New Delhi: The diplomatic row between India and Canada over the killing of a Khalistani supporter in Canada has escalated, as Canadian Prime Minister Justin Trudeau has accused India of violating international law and diplomacy. Trudeau has claimed that India was involved in the murder of Hardeep Singh Nijjar, who was wanted by India for his role in the Khalistan Tiger Force (KTF), a banned terrorist organization.
Najjar was shot dead outside a Gurudwara in Surrey, British Columbia, on June 18 this year. He was allegedly involved in several terrorist activities in India, including the 2007 Shingar cinema blast in Ludhiana that killed six people and injured 32 others. India had sought his extradition from Canada, but Canada had refused to cooperate.
Trudeau had alleged that India had a hand in Nijjar’s killing and demanded an investigation into the matter. He had also expelled an Indian diplomat from Canada over the issue. India had strongly denied Trudeau’s allegations and called them absurd and politically motivated. India also retaliated by revoking the diplomatic immunity of 40 Canadian diplomats in India and asking them to leave the country immediately.
Trudeau, who is known for his pro-Khalistan stance, has now criticized India’s action and said that it is contrary to international law. He said that India had violated the Vienna Convention, which governs diplomatic relations between countries. He also said that India has disregarded his allegations and made it difficult for millions of people living in India and Canada to continue life as normal. He said that India has breached the basic principle of diplomacy, which is to maintain peaceful and respectful relations between countries.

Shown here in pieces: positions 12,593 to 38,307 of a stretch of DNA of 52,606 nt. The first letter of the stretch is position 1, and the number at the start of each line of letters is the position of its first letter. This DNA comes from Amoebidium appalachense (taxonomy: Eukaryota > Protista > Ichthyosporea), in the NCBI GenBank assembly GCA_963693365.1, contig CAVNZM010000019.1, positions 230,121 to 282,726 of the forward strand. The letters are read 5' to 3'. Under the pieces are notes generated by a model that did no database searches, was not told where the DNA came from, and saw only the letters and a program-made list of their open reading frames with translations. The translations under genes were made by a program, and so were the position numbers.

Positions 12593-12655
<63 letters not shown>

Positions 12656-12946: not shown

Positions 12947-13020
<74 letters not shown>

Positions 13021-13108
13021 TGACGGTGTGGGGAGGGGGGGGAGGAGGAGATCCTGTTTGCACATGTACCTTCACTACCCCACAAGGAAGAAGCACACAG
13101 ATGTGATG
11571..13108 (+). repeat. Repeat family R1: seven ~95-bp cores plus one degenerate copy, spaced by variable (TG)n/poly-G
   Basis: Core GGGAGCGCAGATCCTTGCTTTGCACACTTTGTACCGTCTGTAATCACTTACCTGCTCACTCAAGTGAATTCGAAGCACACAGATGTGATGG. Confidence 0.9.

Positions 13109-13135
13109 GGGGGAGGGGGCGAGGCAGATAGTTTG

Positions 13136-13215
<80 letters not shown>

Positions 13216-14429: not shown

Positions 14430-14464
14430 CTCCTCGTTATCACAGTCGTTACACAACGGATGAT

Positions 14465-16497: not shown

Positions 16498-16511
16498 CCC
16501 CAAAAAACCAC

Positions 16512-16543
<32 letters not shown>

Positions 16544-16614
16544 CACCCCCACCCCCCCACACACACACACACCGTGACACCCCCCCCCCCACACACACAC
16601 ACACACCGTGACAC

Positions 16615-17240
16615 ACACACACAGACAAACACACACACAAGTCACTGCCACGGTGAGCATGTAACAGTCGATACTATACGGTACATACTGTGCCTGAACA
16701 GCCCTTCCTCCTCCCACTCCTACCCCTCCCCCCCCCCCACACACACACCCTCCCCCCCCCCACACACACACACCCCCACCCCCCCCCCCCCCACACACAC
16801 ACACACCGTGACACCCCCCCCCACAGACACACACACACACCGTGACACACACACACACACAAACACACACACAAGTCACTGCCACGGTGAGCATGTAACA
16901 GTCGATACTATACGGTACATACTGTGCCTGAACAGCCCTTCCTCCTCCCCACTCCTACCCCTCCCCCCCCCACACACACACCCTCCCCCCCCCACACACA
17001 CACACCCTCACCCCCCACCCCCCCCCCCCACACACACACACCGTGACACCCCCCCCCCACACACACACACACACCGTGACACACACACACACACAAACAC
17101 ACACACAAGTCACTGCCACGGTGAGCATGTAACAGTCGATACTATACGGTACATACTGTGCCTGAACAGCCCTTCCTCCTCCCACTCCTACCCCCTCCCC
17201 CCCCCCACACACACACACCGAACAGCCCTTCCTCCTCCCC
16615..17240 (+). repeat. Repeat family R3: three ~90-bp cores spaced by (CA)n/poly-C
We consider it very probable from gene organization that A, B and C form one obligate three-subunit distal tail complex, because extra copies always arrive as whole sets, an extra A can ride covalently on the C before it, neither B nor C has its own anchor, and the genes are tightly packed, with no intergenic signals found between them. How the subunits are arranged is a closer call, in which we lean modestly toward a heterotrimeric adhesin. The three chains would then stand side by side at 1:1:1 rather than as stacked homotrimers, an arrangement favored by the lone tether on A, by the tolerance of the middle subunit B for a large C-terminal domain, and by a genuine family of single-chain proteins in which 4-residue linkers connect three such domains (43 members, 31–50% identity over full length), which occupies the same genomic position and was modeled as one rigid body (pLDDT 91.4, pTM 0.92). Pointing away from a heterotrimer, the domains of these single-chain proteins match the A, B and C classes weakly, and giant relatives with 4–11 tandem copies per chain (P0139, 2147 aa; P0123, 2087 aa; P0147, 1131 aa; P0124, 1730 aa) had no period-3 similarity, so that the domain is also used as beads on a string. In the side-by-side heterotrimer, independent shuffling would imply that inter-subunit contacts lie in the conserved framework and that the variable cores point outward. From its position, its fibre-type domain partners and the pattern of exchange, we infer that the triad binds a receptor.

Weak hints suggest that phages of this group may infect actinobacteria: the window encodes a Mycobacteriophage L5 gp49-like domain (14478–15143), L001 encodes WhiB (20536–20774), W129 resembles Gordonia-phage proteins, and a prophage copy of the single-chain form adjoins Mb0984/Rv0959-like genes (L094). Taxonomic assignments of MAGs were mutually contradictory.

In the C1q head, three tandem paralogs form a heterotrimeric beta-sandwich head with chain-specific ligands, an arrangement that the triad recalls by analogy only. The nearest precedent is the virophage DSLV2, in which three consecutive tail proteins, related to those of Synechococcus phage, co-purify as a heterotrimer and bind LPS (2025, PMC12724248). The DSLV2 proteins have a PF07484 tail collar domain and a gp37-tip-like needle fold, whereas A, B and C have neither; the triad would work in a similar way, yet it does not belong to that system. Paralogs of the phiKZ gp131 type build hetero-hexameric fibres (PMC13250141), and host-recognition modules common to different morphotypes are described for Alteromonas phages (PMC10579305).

Trudeau’s remarks have sparked outrage in India, which has accused him of interfering in its internal affairs and supporting anti-India elements. India has also questioned Trudeau’s credibility and knowledge of international law and diplomacy. India has reiterated its demand for Canada to hand over Nijjar’s associates and other fugitives who are involved in anti-India activities.